This has been on the cards for months, but I wasn’t able to talk about it until the book was actually out. Consummate software writers the Dietels have just released a new edition of C++ How To Program, published by Prentice Hall, and this time one of the additions is a sizeable chapter on using OGRE and CaseyB’s OgreAL to make a simple game. The C++ How To Program series is very popular, selling over a quarter of a million copies, which is reflected in the fact that this is the sixth edition of the book. I understand that it is often used to teach C++ programming in educational establishments, which is reflected in the pedagogical way it is written and the fact that it has lots of exercises. It’s a monster too, clocking in at a desk-straining 1200 pages.
The publishers approached me quite a few months ago asking if I would be a reviewer on the book, which I agreed to, so I’ve already read the chapter a couple of times. Whilst it by no means displays the power of OGRE, being as it is a relatively small introduction to making a Pong game, it is very good at introducing the basics and is aligned well for the target audience. I must admit when they said they were going to take the user through to a complete game using OGRE and OgreAL in a single chapter, I was skeptical. Even though it’s a very simple game, and quite a large chapter, I was still impressed by how much they managed to cover, and this is down to the Dietel’s writing style - they’re clearly very experienced at this and they managed to get a lot of information across very quickly without it becoming an unmanageable flood.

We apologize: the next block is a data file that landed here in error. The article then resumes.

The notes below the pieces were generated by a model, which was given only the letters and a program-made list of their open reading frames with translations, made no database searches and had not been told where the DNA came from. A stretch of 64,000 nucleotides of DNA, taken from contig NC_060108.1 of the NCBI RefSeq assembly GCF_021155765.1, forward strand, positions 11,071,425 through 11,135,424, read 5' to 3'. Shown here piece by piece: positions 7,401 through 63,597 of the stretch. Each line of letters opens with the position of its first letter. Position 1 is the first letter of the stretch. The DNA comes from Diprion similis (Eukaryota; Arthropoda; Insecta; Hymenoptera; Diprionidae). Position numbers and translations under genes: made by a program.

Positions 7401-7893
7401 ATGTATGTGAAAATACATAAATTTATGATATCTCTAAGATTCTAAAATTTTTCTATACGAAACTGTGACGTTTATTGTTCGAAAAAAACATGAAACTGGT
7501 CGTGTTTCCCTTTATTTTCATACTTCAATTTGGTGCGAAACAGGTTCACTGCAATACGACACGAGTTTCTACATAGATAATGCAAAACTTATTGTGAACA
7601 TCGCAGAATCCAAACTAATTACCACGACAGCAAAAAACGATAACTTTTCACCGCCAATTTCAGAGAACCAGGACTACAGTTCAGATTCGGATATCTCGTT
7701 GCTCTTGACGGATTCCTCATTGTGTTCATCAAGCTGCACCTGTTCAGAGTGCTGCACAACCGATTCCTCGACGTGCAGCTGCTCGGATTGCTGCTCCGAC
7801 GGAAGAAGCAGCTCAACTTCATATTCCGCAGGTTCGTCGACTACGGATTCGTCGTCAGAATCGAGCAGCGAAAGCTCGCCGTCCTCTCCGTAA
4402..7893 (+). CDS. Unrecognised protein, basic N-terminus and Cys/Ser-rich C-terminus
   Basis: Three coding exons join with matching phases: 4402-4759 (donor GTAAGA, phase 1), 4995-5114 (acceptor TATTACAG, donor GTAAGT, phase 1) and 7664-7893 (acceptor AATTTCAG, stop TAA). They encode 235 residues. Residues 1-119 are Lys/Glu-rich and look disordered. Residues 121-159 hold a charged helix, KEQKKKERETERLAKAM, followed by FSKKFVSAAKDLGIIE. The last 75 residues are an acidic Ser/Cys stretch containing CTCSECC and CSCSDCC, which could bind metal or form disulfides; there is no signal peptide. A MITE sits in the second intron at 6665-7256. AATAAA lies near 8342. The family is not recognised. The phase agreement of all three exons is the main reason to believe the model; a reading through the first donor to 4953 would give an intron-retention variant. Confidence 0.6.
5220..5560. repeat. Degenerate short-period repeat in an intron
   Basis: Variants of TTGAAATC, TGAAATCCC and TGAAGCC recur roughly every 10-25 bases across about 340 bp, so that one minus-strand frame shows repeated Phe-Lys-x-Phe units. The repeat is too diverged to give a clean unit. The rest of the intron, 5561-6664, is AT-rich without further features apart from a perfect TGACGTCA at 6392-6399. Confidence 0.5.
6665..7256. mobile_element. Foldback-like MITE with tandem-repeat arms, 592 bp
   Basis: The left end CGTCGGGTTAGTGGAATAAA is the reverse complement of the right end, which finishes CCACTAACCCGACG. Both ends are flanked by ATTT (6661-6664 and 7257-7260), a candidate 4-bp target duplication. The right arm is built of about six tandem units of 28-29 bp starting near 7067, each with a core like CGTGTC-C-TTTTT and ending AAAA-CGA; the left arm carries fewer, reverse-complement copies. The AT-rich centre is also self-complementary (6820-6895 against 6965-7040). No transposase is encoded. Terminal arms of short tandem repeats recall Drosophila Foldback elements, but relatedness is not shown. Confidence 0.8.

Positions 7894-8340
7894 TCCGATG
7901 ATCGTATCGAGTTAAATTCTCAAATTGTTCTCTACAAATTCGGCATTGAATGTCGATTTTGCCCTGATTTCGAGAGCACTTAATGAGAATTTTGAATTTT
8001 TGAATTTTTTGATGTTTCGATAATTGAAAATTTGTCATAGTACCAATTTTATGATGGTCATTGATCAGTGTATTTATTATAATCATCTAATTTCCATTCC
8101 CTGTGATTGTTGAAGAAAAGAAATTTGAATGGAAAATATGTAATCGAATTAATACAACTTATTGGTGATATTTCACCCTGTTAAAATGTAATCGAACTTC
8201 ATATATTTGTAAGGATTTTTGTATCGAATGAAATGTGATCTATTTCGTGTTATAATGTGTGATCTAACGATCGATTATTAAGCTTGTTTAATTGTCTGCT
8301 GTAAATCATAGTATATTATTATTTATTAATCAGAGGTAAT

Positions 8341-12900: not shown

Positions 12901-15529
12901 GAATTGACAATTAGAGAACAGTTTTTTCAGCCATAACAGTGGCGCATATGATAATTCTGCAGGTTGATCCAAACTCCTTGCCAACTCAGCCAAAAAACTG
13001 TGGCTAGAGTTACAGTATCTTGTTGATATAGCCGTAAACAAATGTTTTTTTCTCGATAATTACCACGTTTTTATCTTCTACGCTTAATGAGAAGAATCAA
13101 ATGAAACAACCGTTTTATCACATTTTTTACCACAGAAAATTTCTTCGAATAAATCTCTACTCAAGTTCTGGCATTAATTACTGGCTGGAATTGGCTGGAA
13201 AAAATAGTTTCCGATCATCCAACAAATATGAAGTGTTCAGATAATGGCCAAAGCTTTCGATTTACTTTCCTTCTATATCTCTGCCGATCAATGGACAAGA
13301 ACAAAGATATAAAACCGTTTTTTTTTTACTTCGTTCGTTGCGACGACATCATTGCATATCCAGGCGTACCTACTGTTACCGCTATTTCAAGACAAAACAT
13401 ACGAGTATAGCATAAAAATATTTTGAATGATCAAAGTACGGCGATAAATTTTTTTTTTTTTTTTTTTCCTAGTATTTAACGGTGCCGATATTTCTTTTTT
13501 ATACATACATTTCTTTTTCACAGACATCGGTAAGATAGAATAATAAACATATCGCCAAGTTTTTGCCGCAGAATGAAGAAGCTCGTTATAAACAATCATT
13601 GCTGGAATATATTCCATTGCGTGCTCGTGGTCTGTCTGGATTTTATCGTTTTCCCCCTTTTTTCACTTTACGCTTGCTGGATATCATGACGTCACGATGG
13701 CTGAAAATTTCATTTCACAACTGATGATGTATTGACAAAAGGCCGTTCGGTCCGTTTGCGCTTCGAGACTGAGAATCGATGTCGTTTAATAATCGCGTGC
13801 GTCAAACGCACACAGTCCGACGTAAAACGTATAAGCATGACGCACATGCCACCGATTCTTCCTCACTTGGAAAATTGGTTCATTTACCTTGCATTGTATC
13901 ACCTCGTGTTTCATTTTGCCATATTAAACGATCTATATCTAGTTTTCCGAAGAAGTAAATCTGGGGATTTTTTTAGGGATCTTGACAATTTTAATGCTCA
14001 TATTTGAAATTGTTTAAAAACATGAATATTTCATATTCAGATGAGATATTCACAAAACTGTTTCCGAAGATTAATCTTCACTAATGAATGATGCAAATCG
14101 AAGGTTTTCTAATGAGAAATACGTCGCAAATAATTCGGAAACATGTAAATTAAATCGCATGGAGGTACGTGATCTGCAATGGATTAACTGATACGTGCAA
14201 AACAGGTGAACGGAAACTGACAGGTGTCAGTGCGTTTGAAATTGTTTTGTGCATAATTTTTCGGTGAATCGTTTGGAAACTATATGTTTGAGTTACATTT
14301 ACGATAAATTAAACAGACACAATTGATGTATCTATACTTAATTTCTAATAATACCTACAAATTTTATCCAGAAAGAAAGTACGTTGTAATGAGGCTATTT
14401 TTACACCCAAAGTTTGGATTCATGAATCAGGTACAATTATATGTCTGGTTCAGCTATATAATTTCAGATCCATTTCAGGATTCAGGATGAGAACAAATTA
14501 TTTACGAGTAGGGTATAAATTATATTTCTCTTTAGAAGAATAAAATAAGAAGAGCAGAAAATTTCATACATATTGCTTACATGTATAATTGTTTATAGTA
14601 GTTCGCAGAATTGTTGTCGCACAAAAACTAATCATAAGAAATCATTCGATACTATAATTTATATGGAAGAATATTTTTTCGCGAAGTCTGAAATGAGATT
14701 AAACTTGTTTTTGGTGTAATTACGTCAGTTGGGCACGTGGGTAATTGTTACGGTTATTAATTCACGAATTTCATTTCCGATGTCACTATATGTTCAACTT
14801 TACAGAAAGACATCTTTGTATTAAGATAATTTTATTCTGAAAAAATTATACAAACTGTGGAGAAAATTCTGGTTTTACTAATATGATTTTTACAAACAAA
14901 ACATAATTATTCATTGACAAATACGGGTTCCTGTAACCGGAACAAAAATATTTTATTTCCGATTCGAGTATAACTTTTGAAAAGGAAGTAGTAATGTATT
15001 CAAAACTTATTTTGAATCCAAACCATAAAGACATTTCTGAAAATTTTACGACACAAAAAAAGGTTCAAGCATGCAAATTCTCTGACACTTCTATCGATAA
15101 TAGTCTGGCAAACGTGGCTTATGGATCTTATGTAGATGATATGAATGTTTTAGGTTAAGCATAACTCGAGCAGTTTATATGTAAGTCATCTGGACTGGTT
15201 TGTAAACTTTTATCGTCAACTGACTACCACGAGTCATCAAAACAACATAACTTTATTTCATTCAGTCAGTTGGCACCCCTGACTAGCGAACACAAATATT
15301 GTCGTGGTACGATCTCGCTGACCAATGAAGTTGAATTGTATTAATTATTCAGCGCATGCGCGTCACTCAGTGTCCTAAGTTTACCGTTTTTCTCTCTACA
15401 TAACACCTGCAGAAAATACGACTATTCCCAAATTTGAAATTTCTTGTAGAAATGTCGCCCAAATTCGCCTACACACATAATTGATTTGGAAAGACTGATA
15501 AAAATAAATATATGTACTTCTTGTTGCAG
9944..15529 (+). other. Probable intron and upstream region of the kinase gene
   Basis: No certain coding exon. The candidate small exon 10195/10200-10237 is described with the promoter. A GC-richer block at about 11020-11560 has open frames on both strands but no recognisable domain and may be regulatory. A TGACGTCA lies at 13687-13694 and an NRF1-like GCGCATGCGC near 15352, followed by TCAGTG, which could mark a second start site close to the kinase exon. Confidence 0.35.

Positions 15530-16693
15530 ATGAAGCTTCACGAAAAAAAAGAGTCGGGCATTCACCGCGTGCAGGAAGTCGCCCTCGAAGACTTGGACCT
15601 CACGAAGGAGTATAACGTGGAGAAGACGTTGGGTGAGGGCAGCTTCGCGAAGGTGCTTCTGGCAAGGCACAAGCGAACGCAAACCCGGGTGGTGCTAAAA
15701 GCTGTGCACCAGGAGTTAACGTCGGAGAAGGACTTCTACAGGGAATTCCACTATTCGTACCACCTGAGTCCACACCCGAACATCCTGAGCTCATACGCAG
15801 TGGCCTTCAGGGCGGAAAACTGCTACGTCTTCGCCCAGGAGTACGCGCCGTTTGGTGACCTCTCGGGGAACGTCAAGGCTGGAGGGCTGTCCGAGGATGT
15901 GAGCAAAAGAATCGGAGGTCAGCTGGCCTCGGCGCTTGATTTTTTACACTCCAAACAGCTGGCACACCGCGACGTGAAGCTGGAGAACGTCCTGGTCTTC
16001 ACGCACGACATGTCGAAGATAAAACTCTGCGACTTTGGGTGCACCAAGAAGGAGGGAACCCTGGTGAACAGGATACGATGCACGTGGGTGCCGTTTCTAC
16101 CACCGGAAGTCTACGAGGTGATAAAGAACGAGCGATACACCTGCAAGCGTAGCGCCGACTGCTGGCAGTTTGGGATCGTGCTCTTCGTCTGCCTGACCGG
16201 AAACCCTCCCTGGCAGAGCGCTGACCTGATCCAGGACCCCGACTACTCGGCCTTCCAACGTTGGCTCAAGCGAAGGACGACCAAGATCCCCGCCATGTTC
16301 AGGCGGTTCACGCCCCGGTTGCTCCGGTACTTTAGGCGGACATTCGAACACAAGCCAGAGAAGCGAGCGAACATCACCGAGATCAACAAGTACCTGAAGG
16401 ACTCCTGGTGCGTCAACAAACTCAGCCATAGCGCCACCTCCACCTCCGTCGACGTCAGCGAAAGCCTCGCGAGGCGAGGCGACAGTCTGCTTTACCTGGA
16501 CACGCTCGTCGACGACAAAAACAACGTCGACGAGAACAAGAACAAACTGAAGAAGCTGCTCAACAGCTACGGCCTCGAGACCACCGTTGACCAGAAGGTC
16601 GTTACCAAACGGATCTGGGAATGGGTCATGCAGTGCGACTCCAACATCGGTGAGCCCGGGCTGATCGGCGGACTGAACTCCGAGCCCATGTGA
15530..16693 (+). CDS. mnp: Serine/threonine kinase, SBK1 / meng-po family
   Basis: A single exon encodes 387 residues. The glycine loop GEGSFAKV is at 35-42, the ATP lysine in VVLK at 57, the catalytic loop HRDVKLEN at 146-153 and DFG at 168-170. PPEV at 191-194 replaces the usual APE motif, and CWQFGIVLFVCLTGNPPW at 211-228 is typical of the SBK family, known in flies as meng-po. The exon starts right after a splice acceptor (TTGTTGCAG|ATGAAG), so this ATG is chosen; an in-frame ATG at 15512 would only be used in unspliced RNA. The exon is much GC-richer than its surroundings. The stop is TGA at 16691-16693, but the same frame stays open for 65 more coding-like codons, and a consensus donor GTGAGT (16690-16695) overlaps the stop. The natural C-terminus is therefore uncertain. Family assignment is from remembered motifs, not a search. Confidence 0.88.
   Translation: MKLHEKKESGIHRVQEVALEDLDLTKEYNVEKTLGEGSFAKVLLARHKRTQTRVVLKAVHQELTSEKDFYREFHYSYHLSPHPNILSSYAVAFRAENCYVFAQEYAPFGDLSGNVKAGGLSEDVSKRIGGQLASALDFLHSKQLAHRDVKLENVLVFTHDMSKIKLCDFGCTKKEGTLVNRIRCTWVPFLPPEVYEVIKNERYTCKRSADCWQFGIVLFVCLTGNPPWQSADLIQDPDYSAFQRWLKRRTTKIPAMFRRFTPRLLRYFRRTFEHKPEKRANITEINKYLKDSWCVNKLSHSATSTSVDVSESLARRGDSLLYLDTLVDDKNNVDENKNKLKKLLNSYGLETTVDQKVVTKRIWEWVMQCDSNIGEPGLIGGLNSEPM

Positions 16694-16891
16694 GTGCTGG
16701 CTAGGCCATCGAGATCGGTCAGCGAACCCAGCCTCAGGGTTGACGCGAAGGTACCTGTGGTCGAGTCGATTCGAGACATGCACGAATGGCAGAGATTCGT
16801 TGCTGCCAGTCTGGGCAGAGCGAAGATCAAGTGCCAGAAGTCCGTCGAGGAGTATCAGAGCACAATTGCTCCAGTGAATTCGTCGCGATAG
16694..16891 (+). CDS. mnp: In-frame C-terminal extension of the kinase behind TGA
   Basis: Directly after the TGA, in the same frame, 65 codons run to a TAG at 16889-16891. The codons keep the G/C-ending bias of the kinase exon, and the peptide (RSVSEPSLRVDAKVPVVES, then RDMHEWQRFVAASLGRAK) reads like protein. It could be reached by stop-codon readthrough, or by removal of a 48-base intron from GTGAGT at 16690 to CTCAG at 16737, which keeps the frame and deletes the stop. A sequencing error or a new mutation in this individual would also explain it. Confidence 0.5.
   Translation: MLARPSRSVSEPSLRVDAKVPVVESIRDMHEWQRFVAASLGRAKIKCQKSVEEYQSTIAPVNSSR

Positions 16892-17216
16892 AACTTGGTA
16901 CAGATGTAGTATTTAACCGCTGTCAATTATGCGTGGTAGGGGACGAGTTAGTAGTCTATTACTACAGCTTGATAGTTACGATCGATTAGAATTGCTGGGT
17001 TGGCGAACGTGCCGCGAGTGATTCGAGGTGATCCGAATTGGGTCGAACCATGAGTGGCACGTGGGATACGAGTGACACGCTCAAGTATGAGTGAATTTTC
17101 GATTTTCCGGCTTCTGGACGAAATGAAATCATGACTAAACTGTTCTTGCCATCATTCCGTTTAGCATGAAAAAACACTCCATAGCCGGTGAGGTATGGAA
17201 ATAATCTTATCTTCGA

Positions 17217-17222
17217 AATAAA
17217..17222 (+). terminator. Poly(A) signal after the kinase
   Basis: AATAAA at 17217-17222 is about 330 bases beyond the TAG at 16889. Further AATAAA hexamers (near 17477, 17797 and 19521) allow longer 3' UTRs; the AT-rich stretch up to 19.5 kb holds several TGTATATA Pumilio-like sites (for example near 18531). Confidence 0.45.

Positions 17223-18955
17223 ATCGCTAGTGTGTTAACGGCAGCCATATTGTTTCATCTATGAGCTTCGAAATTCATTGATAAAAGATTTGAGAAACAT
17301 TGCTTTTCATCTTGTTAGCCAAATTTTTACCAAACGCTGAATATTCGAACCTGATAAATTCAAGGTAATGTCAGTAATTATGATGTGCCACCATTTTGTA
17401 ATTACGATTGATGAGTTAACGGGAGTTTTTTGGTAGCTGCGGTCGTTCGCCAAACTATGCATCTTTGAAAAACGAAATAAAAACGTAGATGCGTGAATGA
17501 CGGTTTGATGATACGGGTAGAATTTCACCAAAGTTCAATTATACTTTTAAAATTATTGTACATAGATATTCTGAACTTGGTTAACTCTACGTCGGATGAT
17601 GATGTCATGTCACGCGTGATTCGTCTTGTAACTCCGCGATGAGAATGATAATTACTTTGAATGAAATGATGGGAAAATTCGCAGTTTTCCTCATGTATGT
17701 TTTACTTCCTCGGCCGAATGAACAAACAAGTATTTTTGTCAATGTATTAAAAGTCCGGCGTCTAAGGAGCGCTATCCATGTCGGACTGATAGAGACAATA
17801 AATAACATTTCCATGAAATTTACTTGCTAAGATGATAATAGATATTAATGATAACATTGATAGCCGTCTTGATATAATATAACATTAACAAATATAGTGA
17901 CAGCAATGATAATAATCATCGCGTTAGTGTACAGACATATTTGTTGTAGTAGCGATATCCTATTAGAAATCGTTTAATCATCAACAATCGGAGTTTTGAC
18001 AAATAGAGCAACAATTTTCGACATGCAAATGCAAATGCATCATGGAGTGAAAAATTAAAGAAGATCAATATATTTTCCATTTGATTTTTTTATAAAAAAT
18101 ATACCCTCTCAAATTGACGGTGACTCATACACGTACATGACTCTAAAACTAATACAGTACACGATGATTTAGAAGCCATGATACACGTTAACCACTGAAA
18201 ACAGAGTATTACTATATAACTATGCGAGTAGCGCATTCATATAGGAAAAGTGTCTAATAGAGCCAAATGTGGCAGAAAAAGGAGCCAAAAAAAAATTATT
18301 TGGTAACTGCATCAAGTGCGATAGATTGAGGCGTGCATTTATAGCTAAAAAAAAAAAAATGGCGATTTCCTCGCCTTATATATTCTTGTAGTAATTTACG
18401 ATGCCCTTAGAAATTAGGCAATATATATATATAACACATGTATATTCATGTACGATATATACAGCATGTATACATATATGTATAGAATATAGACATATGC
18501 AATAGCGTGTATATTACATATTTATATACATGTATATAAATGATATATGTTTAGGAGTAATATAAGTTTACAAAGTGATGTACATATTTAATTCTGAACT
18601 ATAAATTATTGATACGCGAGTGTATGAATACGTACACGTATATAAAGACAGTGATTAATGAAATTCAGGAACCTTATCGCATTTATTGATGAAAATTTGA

I know that if I ever come to write a technical book (one of my ‘someday/maybe’ projects in GTD-speak :)), I can learn a lot from how professional writers like this go about it. My other ‘gold standard’ writer reference is Scott Meyers, who is targetting a more advanced audience and somehow manages to make deep technical issues very enjoyable to read - I often wish that he’d written Modern C++ Design, because whilst it’s a great book subject-wise, I can’t help thinking Meyers would have made it much more fun. Some day 😀In many ways I treat writing on this blog regularly as training of a sort - a place where I can keep my writing skills at least semi-polished, and if people find the blog interesting / useful then perhaps a book might work sometime too.
I got my complimentary copy through the post today anyway, thanks guys! It was fun being involved - this is the second time I’ve been involved (as reviewer) in the process of getting a book to print and I enjoy doing it. It was also interesting to see how each publisher operates slightly differently in terms of the process - and although the projects are always really pressed for time, my experiences with both Apress (Pro Ogre 3D Programming) and Prentice Hall have been very positive. If you ever get approached to do a technical review for a book, I strongly recommend doing it. It doesn’t pay very well compared to the amount of time you need to put in, but I wouldn’t judge it from that point of view, as a ‘job’; but just as a good bit of experience to get.